Bulletin of the Geological Society of Malaysia, Volume 6, Jul, 1973, pp. 212 – 226
Published by kind permission of the Director General, Geological Survey of India, Geological Survey of India, Calcutta
Abstract: Precambrian geochronology of India is now known with greater precision because of the dating of samples carefully selected, in respect of geological consideration and set up, from several areas in the past decade. Vestiges of older nuclei dating more than 3000 m.y. have been identified in southern, eastern and western India. The Charnockite-Khondalite supergroup (c.2900-2600 m.y.) is now considered to be older than the Dharwar supergroup; the Eastern Ghats (sensu stricto) rocks are now considered belonging to the Charnockite-Khondalite supergroup proper but with impress of events at 1650 m.y. and 1400 m.y. at about the same time as events in Cuddapah Basin, Nellore Schist Belt and Amgaon group. The Aravalli, Bailadila, Bengpal and Iron Ore groups are correlated with the Dharwar and range in age from c.2500-c.2000 m.y. The Delhi supergroup appears to be coeval with the lavas of the Gwalior ‘series‘.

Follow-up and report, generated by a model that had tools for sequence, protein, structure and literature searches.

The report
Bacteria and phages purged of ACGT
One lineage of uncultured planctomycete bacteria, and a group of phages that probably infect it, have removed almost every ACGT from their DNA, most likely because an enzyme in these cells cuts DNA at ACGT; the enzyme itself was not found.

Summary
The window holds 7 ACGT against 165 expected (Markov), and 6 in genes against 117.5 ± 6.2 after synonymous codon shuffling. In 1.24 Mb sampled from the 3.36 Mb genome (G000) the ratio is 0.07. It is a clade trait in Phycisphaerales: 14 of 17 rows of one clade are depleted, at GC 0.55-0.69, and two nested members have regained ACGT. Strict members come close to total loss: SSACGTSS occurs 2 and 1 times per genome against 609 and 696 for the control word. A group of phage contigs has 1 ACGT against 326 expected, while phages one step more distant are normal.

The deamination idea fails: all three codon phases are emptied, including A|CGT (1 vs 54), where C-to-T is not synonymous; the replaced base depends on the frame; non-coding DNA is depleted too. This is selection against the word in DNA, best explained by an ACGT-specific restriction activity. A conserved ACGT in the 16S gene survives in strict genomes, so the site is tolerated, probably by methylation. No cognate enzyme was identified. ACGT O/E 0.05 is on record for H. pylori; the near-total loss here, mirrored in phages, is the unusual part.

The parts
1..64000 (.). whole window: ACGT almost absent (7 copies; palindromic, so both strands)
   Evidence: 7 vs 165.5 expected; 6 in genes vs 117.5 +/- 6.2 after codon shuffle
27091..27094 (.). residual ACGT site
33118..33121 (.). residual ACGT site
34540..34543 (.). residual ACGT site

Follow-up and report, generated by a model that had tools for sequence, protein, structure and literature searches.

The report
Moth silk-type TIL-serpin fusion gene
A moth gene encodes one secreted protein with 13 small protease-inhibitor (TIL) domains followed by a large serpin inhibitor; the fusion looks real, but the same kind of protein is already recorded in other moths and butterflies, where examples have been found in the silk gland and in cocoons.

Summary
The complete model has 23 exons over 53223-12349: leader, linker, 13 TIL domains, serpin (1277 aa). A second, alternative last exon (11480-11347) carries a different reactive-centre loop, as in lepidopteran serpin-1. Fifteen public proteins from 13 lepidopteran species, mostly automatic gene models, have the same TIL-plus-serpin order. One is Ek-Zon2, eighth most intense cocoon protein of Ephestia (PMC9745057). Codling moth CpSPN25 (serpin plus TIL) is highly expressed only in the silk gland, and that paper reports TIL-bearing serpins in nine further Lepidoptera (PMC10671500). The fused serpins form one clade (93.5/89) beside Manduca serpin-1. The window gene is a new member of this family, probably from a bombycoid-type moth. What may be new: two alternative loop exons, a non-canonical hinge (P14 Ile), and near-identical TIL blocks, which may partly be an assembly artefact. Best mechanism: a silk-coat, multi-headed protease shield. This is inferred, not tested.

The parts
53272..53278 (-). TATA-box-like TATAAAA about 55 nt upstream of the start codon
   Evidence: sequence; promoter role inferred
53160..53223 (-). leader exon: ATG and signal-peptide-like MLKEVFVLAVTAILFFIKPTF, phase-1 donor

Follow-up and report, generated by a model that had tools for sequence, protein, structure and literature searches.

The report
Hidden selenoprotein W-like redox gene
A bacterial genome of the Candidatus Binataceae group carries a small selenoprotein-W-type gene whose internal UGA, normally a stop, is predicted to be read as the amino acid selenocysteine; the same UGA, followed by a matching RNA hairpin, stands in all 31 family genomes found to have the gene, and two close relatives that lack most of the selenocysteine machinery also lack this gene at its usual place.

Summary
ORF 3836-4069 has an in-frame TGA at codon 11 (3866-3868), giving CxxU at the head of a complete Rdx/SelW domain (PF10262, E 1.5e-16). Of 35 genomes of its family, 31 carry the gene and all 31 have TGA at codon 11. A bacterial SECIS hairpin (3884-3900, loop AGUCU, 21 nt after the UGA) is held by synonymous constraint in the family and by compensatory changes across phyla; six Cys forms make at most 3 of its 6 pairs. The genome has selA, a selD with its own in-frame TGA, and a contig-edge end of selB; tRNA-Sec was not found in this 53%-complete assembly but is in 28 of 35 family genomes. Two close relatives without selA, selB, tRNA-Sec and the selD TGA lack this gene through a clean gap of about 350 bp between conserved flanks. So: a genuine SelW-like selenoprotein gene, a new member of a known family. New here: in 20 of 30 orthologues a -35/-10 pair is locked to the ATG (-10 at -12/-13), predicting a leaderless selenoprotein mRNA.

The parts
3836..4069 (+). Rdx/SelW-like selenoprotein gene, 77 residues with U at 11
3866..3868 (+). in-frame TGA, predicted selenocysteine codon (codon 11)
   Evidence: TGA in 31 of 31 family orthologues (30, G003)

Vindhyan sedimentation which started at c.1400 m.y. continued into Cambrian(?) unlike the Cuddapah supergroup where sedimentation ended by about 1300 m.y. The successively younger dates for the mobile belts from south to north, with respect to the southern nucleus, indicates a migration of geosynclines in the same direction. The Satpura ‘group‘ despite valid evidences for its abolition as a supergroup appears to indicate the reactivation of the Narmada-Son lineament at 950/1000 m.y. in part of eastern India. The manifestation of carbonatite and anorogenic granites dating 725 m.y. in southern India, high-level granites in western India, dating 730 m.y., Mylliem granite at 765 m.y. in eastern India and carbonatite in Rajasthan at 960 m.y. appear to be related to reactivation of lineaments in these areas at these dates. The overprint of mineraI ages at c.500 m.y. along the east coast is also suggestive of activity of lineaments but further studies are necessary to confirm this view.